Lassa fever: A recurring decimal in Plateau state, Nigeria
Background: Since the first reported case of Lassa fever (LF) in Jos, Plateau state Nigeria in the early 70’s, the state has been plagued with increasing number of cases. This could be due to poor environmental practices, food and personal hygiene. By the end of August 2017 there were 42 reported cases with 15 confirmed cases. Sadly, over the years there have been challenges with reporting and investigation of cases. This could be due to weak health systems commonly seen in developing countries.
Methods and Materials: We reviewed 2012-2016 surveillance data from the State Ministry of Health (SMoH) using Microsoft Excel. Descriptive analysis was conducted on the reported LF cases in the state.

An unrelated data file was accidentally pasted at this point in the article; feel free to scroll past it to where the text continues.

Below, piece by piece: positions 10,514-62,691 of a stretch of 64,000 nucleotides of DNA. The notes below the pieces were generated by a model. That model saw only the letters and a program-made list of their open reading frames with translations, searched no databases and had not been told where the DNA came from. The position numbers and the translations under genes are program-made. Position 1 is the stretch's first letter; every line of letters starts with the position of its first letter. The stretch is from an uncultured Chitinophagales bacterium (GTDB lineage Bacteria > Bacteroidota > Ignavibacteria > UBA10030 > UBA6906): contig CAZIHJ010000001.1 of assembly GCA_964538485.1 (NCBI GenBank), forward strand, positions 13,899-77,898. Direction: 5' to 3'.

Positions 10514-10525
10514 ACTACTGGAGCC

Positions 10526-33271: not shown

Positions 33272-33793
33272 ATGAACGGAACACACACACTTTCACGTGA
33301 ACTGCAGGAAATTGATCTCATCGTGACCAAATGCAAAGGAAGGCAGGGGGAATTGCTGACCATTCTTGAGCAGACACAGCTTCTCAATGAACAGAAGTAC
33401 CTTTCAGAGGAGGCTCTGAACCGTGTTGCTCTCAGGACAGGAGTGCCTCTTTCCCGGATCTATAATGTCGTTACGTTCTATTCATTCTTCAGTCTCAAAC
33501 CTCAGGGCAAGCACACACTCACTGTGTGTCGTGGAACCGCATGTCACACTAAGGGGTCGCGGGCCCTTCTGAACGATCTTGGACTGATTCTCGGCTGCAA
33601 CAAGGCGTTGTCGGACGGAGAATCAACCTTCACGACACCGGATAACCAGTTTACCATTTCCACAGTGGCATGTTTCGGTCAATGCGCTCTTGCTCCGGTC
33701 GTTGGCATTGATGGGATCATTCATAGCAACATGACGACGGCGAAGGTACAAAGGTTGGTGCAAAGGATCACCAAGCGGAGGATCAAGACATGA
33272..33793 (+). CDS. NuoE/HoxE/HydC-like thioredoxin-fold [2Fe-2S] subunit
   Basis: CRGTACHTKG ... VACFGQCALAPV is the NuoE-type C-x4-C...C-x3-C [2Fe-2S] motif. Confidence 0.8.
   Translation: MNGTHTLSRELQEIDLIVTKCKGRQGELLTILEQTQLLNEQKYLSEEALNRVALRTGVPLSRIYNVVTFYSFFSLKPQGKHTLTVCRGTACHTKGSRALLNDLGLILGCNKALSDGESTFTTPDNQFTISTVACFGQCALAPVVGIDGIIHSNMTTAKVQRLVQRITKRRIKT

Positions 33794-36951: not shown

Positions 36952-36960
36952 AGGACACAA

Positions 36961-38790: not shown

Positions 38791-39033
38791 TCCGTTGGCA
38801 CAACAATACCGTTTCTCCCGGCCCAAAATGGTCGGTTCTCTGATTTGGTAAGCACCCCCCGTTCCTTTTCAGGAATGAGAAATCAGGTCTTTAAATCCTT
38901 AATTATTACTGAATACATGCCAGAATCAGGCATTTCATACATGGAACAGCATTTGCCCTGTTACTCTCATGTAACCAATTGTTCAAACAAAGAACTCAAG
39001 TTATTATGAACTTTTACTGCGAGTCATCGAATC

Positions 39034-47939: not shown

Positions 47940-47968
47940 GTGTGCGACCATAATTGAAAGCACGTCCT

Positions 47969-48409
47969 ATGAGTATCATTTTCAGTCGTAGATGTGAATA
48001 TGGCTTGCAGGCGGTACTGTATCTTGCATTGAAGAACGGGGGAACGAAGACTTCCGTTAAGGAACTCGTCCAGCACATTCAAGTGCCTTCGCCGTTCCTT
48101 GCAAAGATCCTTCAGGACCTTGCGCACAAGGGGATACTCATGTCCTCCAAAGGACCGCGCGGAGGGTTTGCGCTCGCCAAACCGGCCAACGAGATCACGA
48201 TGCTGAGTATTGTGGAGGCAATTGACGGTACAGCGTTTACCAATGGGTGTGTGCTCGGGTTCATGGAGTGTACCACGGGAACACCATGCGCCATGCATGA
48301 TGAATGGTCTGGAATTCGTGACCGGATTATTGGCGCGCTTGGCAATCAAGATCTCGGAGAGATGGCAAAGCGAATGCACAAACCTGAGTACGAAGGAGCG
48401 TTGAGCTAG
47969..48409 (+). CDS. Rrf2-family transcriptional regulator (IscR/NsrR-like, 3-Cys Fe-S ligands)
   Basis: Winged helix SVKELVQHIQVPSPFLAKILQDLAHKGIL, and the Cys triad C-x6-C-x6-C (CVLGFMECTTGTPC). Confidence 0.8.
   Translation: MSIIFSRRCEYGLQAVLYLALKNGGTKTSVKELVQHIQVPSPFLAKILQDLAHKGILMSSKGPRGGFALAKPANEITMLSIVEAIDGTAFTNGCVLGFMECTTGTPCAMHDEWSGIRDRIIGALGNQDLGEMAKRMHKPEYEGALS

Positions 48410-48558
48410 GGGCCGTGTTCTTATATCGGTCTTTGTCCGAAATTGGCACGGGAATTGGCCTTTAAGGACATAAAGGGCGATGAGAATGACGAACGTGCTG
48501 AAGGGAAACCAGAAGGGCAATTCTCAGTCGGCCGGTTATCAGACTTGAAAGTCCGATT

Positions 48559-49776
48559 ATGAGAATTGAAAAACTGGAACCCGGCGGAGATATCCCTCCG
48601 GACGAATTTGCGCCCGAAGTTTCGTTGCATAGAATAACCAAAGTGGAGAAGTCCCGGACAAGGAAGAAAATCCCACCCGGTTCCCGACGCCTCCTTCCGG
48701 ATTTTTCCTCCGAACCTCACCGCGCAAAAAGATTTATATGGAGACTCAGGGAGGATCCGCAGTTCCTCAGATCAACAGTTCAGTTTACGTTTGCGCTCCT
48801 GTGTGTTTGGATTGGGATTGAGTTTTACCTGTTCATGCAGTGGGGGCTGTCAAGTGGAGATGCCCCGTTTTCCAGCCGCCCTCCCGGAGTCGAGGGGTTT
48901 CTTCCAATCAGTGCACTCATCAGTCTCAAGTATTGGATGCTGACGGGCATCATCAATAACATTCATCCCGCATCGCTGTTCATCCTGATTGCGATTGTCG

Results: Between the years 2012 – 2016 there were 109 reported LF cases, with 57 (52.3%) males and 52 (47.7%) females. The mean age of the reported cases was 27.9± 13.6 years. Out of these, 23 (21.1%) were confirmed cases: 1 (4.5%) in 2012, none in 2013, 2014 and 2015, and 21 (91.3%) in 2016.The male: female ratio was10 (43.5%): 13 (56.5%). Six (26.1%) of the confirmed cases were health workers. The case fatality rate of the confirmed cases was 52.2%. Even though there is significant association between LF and death (P-value = 0.003) the odds ratio, 0.215 (95% CI) is low. The reporting years show consistent increasing trend from 2012 to 2016, except for 2015 where there was a decline in the number of reported cases. In 2016 there were 74 (67.9%) cases, 5 (4.6%) in 2015, 15 (13.7%) in 2014, 12 (11.0%) in 2013 and 3 (2.6%) in 2012.
Conclusion: Even though reported cases are increasing, there are still gaps observed in the surveillance system of the SMoH. The annual recurrence of LF outbreak in the state without reciprocal preventive efforts on ground to combating it has exposed the populace and health workers to ill-health and death.
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